A stray bullet can hit you anywhere even in the great US or Canada. Agree something must be done to restore Barbados to the old standard, that said the blogmaster will take living here over the cold ass place you reside. As discussed on the blog many times we are witnessing a dysfunctional social landscape that started many a year ago. The blogmaster suspects what is happening now will become the new norm here and elsewhere.

    Like

  • (Quote):
    in the case, they dont have a complainant or a complainant in the conventional sense. but lets assume they take up the AG on his directive to investigate or a crime stopper tip and go to BIDC. suppose they speak to the CEO or general manager and that person doesnt answer any questions or says he would have to get directions from his board and the same goes for BIDC. what is the police to do next? (Unquote),
    +++++++++++++++++++++++++++++++++++++++++++++++++++++++++++

    Let them take your hypothetical scenario to a stage of implementation and see what happens.

    Nothing beats a ‘trial’ but a failure (to act).

    Now that the FBI is on the ‘case’ you will soon see if the other alleged collaborators will continue to evade Justice by this obvious case of inertia in the fast becoming dystopian state called “Badbados”.

    Time is certainly longer than twine. And if local Mohammedans (law enforcers) don’t go to the mountain of justice then the mountain will have to send the FBI to instruct them accordingly.
    The Don must not go down alone in this case of one-sided justice.

    Then you guys want to ask why Barbados is blacklisted in certain quarters.

    The same way the country was forced to clean up its act with its offshore financial business dealings so to it will be forced to clean up its act regarding white collar criminals (like the thieving lawyers who have a massively bad reputation not only among the locals but among the Bajan communities overseas).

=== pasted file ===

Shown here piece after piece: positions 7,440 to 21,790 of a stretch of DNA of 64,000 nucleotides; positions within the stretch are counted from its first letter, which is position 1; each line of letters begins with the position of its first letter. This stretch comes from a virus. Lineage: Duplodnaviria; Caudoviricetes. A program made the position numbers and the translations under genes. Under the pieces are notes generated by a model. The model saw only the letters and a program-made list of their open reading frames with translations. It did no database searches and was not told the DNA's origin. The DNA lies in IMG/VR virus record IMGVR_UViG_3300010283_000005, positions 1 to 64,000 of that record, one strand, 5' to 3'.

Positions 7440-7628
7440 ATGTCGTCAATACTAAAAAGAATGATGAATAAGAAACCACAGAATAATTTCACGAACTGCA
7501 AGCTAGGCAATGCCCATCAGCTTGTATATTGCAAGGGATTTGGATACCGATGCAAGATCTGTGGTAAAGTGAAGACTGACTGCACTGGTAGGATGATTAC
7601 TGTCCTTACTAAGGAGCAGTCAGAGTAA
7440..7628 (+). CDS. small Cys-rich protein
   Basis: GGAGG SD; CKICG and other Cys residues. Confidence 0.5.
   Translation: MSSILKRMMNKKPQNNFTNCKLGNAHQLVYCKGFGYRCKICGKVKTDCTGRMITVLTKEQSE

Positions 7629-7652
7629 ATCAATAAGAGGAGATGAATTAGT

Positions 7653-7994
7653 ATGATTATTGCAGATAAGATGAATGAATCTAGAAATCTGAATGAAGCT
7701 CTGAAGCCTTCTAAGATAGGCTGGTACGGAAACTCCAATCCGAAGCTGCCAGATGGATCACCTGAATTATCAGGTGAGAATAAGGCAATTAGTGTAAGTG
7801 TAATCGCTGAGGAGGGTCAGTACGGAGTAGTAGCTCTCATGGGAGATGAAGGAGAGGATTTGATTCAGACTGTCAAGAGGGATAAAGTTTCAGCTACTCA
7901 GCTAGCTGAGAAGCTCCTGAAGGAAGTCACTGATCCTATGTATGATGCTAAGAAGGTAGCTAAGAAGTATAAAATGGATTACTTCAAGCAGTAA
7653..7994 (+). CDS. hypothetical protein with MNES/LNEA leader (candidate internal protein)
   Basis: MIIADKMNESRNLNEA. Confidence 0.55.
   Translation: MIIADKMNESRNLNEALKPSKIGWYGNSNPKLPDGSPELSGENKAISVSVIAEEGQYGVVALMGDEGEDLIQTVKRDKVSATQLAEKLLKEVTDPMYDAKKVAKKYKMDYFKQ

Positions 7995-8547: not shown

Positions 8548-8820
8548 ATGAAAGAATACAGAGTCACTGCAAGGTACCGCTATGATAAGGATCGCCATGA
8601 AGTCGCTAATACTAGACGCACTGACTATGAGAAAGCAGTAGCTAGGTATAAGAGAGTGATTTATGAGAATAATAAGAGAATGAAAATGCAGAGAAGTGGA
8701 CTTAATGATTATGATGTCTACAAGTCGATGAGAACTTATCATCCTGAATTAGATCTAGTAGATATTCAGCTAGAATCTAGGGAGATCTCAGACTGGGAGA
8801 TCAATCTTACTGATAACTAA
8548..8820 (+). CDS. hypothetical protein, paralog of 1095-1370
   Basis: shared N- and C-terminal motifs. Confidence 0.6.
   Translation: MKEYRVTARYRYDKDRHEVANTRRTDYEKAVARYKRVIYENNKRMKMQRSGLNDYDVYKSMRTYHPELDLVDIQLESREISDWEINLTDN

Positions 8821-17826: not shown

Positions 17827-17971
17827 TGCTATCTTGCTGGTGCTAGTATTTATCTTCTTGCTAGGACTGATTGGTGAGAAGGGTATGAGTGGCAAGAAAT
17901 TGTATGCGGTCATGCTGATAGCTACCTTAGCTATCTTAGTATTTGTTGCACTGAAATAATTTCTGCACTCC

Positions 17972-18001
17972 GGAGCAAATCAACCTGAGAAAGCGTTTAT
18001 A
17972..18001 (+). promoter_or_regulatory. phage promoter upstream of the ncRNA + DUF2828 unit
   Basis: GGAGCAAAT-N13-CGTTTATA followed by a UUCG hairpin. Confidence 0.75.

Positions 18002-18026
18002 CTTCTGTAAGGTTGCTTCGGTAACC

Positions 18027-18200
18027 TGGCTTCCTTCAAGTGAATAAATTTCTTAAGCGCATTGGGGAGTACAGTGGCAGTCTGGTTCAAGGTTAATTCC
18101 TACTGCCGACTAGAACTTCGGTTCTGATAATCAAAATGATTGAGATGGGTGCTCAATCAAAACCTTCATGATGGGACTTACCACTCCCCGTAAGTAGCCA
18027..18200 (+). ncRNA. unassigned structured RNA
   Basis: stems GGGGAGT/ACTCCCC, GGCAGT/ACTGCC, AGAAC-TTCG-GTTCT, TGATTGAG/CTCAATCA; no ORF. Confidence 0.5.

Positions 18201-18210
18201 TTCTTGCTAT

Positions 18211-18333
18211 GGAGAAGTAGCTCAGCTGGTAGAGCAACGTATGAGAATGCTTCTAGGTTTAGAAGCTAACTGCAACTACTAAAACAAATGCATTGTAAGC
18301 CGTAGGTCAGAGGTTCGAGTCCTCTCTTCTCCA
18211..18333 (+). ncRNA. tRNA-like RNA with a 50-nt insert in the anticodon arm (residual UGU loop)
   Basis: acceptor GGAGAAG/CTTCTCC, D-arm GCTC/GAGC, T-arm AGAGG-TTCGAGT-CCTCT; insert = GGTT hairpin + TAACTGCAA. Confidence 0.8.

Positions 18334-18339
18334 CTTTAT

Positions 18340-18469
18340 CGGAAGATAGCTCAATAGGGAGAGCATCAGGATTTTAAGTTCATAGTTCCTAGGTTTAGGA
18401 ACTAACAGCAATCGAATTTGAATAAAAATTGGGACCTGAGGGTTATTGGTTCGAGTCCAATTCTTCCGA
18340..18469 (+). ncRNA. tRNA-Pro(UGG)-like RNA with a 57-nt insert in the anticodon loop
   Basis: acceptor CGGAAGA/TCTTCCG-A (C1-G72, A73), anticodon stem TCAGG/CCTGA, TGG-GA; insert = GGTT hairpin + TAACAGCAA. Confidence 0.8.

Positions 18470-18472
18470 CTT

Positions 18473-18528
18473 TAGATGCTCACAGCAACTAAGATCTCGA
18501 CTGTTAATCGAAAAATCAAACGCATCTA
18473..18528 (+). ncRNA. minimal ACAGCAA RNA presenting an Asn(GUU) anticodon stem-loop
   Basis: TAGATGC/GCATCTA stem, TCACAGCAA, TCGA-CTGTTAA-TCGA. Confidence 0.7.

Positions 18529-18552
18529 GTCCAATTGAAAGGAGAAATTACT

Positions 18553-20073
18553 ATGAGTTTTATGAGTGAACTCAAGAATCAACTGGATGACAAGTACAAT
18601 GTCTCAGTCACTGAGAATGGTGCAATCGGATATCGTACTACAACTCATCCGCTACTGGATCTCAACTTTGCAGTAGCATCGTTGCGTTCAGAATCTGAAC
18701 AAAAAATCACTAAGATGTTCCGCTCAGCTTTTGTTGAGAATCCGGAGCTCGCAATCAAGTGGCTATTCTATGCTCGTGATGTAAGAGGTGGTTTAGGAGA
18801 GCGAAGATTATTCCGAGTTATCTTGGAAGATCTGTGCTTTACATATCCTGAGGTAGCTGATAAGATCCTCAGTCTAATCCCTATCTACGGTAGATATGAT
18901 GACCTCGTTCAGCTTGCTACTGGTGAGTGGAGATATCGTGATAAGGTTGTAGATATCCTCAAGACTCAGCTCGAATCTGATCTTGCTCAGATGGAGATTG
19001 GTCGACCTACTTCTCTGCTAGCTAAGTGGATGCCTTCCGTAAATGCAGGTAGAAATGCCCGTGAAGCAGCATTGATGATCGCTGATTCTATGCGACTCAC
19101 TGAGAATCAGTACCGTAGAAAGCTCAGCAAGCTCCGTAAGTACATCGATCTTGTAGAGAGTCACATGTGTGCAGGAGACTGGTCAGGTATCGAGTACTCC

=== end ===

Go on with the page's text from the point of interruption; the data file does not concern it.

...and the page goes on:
“Hard ears wunna wunt hear, hard ears wunna gine feel!”

    Like

  • I am very disappointed with the pittance your minister tried to launder …..it is obvious he wasn’t qualified for the job

    Like

  • Miller

    I won’t go as far as “saying” you are a “hard-headed”, but It’s obviously clear you’re missing the points Greene has been making.

    This doesn’t have anything to do with being “tested in a local court of law or at the CCJ” and I’m at a loss as to why you would make such a comment.

    However, Greene has been painstakingly trying to explain standard police procedures and how the law applies in certain cases. Perhaps you’re allowing emotion to guide you on this matter.

    Like

  • NEVER thought i would see the day when Lawson and I agreed. A pittance! I thought other amounts would have been forthcoming.

    A loose woman my grandmother told me about used to say, “If I’m going to hell at least I’m going in my shoes and stockings!”

    That was in the day when people were mostly barefooted and shoes were a very big deal. She wasn’t selling her soul for a pittance!

    Like

  • @ Greene

    I shall. Good luck with your new maintenance group. When it comes to Barbados, there is an optimism bias, and a pessimism bias. Plse put me down for pessimism.
    By the way, don’t let those reckless, speeding drivers kill you. And remember, Barbadians are the best drivers in the world, especially when they see a car with an H registration..

    Like

  • “I am very disappointed with the pittance your minister tried to launder …..it is obvious he wasn’t qualified for the job.”

    1 + 6 pittances = 7 pittances..

    suppose, just suppose he collected that many x 36,000 US per year between 2015-16 and not from ICBL only..

    who would know the difference, can’t tell now, that is only what he was caught with.

    Like